This chapter focuses on the felt perceptions of academics engaged in digital scholarship activities, as forms of academic contributions. In so doing, it explores if and how such practices are redefining both the meaning of academia and what it feels to be (an) academic.
The notion of the World Wide Web as a source of information production and dissemination for academic knowledge workers is widely evoked in the research literature, much of which is enthusiastic about technology as a tool for change and emancipation. More concretely, this rhetoric around digital work asserts that the web can, and will, revolutionise academia by placing individuals at the centre of their scholarly activity and consequently transform academic practices and professional identities in significant ways. Yet, a contrasting body of research evidence suggests that the adoption of digital scholarship practices in the neoliberal university is not without its dilemmas and paradoxes. With digital scholarship practices being both empowering and restrictive, academics are often torn between the increased autonomy the web provides for knowledge creation and the distance it creates from the established norms that typify the academy.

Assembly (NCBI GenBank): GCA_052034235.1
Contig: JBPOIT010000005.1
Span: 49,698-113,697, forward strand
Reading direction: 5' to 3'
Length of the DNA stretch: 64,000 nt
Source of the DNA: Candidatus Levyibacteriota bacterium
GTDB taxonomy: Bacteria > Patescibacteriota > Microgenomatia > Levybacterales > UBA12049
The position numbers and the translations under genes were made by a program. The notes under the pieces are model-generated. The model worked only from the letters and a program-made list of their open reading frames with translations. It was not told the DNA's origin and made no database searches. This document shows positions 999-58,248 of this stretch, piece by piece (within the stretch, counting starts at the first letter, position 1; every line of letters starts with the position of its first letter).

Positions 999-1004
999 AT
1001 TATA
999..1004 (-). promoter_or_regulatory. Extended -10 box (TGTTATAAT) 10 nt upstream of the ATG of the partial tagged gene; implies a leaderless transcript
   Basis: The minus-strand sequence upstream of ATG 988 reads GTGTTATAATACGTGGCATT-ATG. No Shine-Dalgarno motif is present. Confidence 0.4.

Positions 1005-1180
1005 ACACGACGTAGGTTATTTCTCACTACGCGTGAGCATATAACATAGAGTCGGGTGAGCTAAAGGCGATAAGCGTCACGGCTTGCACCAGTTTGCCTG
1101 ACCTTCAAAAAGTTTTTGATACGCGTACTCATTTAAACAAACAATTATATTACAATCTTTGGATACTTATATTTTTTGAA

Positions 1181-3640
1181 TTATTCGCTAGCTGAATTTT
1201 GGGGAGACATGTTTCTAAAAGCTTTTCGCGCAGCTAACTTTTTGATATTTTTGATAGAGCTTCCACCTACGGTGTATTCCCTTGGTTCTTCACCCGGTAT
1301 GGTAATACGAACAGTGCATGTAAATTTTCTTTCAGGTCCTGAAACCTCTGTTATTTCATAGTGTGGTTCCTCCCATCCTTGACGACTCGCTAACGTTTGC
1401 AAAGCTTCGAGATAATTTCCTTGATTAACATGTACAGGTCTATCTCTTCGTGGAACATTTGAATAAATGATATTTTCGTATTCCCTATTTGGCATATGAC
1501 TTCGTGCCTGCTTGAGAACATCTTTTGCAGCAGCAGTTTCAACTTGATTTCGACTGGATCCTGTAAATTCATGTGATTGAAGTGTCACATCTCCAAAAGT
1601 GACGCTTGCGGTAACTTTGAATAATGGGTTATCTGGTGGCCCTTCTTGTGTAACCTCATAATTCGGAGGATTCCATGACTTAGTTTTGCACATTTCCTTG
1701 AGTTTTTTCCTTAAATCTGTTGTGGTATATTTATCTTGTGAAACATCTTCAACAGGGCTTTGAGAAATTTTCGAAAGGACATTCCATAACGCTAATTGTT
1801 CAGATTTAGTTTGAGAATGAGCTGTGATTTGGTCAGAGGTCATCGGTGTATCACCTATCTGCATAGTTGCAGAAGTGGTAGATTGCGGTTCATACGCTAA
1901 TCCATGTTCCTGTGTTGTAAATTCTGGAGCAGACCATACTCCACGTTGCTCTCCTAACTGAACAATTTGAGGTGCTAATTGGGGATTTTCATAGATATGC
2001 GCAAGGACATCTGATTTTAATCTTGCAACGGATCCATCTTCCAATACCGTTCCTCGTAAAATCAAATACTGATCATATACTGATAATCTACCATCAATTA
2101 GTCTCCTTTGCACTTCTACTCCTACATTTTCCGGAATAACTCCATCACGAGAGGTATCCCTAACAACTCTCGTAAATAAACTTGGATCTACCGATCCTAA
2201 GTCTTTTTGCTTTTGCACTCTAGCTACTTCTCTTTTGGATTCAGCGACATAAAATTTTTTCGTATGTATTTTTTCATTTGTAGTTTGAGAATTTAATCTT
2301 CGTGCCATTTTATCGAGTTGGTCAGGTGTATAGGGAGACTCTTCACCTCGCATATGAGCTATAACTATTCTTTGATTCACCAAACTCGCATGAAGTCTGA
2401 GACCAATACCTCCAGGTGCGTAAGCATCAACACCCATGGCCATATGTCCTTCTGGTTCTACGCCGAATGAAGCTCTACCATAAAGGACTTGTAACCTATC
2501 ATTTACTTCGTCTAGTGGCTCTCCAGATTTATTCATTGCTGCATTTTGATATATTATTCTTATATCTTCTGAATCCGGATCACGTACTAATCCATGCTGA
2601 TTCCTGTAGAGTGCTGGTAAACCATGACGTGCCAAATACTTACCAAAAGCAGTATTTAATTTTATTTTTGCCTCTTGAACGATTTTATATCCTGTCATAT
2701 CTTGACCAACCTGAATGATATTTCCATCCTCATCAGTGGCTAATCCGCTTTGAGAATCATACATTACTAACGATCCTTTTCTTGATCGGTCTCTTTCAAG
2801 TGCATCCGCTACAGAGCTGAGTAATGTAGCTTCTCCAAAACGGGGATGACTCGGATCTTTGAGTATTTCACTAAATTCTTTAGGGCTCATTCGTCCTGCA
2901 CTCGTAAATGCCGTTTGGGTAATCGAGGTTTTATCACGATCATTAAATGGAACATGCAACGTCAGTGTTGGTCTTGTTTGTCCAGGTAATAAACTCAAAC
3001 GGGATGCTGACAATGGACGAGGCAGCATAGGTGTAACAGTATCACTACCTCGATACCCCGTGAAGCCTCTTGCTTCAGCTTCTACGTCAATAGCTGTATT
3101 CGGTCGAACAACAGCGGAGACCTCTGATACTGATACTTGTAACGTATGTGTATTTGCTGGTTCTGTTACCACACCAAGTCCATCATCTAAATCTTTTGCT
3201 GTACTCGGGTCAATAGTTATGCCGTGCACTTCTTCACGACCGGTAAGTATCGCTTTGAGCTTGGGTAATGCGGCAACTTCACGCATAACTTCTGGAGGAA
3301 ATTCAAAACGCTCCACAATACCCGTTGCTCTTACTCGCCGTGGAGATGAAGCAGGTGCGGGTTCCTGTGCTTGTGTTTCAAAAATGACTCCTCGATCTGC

Drawing on empirical evidence from a study with academics engaged in digital scholarship activities, this chapter offers reflections on digital scholars’ internal conflicts regarding how they feel, perceive and negotiate their role in academia. The analysis of the research will be supported by Bourdieu’s logic of practice and Honneth’s recognition theory to explain how academics incorporate and fight the neoliberal university. In doing so, the research will explore both how academics feel and develop a feeling for the academic game with the purpose of contributing to literature and ideas about academic identities in a neo-liberal context.